Tim Geithner, the former US Treasury secretary, famously said “plan beats no plan” during the 2008 financial crisis. It is a lesson that Republicans appear to have forgotten. If Donald Trump loses in November, his aversion to striking an economic stimulus deal with Democrats amid a raging pandemic will be one of the main reasons. You cannot beat something with nothing.
The irony is that Joe Biden’s own plan contains key elements of what Mr Trump promised in 2016: to modernise US infrastructure and protect the “forgotten American”. The logic of Bidenomics is simple. The cost of borrowing is free. The US is in the midst of a national crisis. Its infrastructure is no longer first world, and unemployment is at a generational high. It seems like a good moment to enter the 21st century with the “largest mobilisation of public investments” since the second world war, as the Biden campaign puts it.
The debates about whether Mr Biden’s proposals are too centrist, as Democratic progressives complain, or are radically socialist, as Mr Trump says, have an air of unreality. His policies are squarely in the American tradition. What Mr Biden proposes is pragmatic — an America-coined word and philosophy that means “whatever it takes”. A better term may be pandemonomics. Neither the left nor the right should underestimate its appeal.
The left should be especially wary of looking a gift horse in the mouth. Some are disappointed that Mr Biden picked Kamala Harris rather than Elizabeth Warren as his running mate. Ms Harris is a moderate whose campaign focused more on America’s racial inequities than its economic ones. Ms Warren has devoted her career, as well as her presidential bid, to reversing the latter. She will stay in the Senate. That is exactly where her supporters should want her.
At best, vice-presidents are helpful understudies: they never write the script. There is a chance Mr Biden could make Ms Warren his Treasury secretary, in which case she could negotiate terms. Should she stay in the Senate, however, she would be in pole position to help dictate them. Mr Biden has omitted the wealth tax from his campaign. He has also ignored Medicare-for-all and employment guarantees. Ms Warren and Bernie Sanders, who will also remain in the Senate, can help to draft the legislation. Vice-presidents never get to do that.
Some have likened America’s 2020 situation to 1932. The scale of the crises facing America today may indeed be comparable to when Franklin D Roosevelt took office in the Depression. A better analogy would be to 1963, when Lyndon Johnson became president after the assassination of John F Kennedy. Much like Barack Obama, JFK moved a nation with his poetry but struggled to write its legislative prose. Mr Biden, like Johnson, is a creature of the Senate. He knows how the sausage is made. It was LBJ who enacted Kennedy’s civil rights agenda.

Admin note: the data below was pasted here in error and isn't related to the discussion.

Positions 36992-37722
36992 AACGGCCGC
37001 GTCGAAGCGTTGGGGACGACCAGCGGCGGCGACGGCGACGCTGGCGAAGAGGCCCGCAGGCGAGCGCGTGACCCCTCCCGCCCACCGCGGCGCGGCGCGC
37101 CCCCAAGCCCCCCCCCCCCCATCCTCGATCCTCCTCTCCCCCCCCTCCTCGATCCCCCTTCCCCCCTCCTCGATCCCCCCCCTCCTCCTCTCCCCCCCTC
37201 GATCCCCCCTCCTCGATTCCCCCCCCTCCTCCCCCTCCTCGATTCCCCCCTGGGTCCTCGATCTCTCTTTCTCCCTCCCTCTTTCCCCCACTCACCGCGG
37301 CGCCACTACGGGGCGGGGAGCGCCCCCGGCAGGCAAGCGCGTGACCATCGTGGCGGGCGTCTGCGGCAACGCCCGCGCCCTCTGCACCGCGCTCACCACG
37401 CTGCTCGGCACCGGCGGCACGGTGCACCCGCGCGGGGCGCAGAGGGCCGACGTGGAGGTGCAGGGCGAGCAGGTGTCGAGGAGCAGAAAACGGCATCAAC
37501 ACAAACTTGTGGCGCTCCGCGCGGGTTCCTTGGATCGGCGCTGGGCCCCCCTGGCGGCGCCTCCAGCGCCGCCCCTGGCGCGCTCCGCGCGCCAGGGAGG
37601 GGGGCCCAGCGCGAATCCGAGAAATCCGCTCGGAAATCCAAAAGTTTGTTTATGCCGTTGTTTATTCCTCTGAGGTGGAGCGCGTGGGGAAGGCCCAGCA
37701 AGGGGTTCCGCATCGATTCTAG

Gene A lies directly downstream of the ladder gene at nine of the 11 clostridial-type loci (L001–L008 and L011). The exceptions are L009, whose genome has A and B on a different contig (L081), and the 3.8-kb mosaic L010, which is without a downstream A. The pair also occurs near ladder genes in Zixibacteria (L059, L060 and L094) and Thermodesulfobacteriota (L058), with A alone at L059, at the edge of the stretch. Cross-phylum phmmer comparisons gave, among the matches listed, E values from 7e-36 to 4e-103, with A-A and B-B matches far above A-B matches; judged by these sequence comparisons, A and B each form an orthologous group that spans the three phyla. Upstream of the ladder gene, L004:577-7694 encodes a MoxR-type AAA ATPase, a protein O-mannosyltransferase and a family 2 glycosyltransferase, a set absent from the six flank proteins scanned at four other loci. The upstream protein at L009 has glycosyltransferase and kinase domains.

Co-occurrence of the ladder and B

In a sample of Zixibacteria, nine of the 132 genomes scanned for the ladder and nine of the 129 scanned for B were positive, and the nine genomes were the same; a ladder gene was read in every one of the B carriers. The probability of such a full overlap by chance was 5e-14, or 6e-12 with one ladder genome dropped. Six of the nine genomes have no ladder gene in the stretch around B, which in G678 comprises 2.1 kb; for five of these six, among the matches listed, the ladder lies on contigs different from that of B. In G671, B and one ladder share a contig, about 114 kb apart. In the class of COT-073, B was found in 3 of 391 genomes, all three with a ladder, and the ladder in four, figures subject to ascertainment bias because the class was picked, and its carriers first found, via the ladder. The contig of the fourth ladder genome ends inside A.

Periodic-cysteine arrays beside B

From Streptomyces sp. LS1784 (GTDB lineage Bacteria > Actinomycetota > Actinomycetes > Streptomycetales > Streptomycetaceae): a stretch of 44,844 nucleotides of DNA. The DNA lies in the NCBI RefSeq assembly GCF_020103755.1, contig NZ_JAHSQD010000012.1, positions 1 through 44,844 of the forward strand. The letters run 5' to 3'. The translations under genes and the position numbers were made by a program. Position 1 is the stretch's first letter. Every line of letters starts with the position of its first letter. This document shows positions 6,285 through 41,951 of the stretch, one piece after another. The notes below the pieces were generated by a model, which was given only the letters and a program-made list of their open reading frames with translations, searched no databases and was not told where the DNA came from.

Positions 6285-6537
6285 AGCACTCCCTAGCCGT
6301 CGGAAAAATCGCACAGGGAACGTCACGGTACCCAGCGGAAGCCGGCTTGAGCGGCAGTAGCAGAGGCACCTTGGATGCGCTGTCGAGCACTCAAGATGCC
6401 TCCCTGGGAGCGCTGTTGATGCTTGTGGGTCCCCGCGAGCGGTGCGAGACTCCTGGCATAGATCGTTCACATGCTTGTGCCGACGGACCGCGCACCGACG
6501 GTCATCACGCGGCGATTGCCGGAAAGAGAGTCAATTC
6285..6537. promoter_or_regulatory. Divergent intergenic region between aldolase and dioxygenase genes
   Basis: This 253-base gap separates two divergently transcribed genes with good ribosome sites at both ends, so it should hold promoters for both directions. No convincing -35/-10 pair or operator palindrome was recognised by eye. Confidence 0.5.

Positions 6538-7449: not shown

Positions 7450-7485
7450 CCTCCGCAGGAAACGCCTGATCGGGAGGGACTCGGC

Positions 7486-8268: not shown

America’s left should picture a Biden presidency as their chance to pass the big reforms that stalled under Mr Obama, such as parental leave, pre-school learning, green energy and public health insurance. They would be wise to subdue their misgivings until after the election. A Biden administration would be their best opportunity of rewriting America’s social contract in more than half a century. The left’s instincts to go for the perfect over the good could still get in the way.
The right, meanwhile, seems frozen in the oncoming headlights of probable defeat. That is now likely to include the loss of the Senate as well as Mr Trump’s ejection from the White House. The party’s paralysis reflects its underlying divisions.
On the one hand, Mr Trump is loath to do any kind of deal with Nancy Pelosi, the Democratic speaker of the House, whom he has not met since the pandemic began. Her $3tn economic stimulus plan, which the Democrat-controlled House passed in May but has run aground in the Senate, would keep American heads above water until after the election. It could only help Mr Trump’s re-election chances. His animosity to Ms Pelosi exceeds his grasp of his own self-interest.
There are some Republicans, including many who face likely defeat in November, who would be happy to split the difference with Ms Pelosi. She has offered to cut her plan by $1tn, provided that the Republicans raise their offer by $1tn to $2tn. This would be the kind of old-fashioned compromise in which Mr Biden exults. But the Senate leader, Mitch McConnell, will not bring anything to the vote that Mr Trump has not approved.
Barring his warnings about Mr Biden, Mr Trump thus has no re-election platform. Last weekend he issued executive orders to resume unemployment payments and suspend payroll taxes for employees. The legality of his orders is questionable. In practice, they are almost certainly unworkable.
His real objection to the Democrats’ pandemic bill is that it includes funding to make it easier for Americans to vote in November and for the US postal service to deliver ballots on time. Mr Trump thus has a plan of sorts — but it is based on scorched earth retreat. He would rather let Americans suffer through the pandemic than risk a high turnout election. It is about burning bridges, not building them.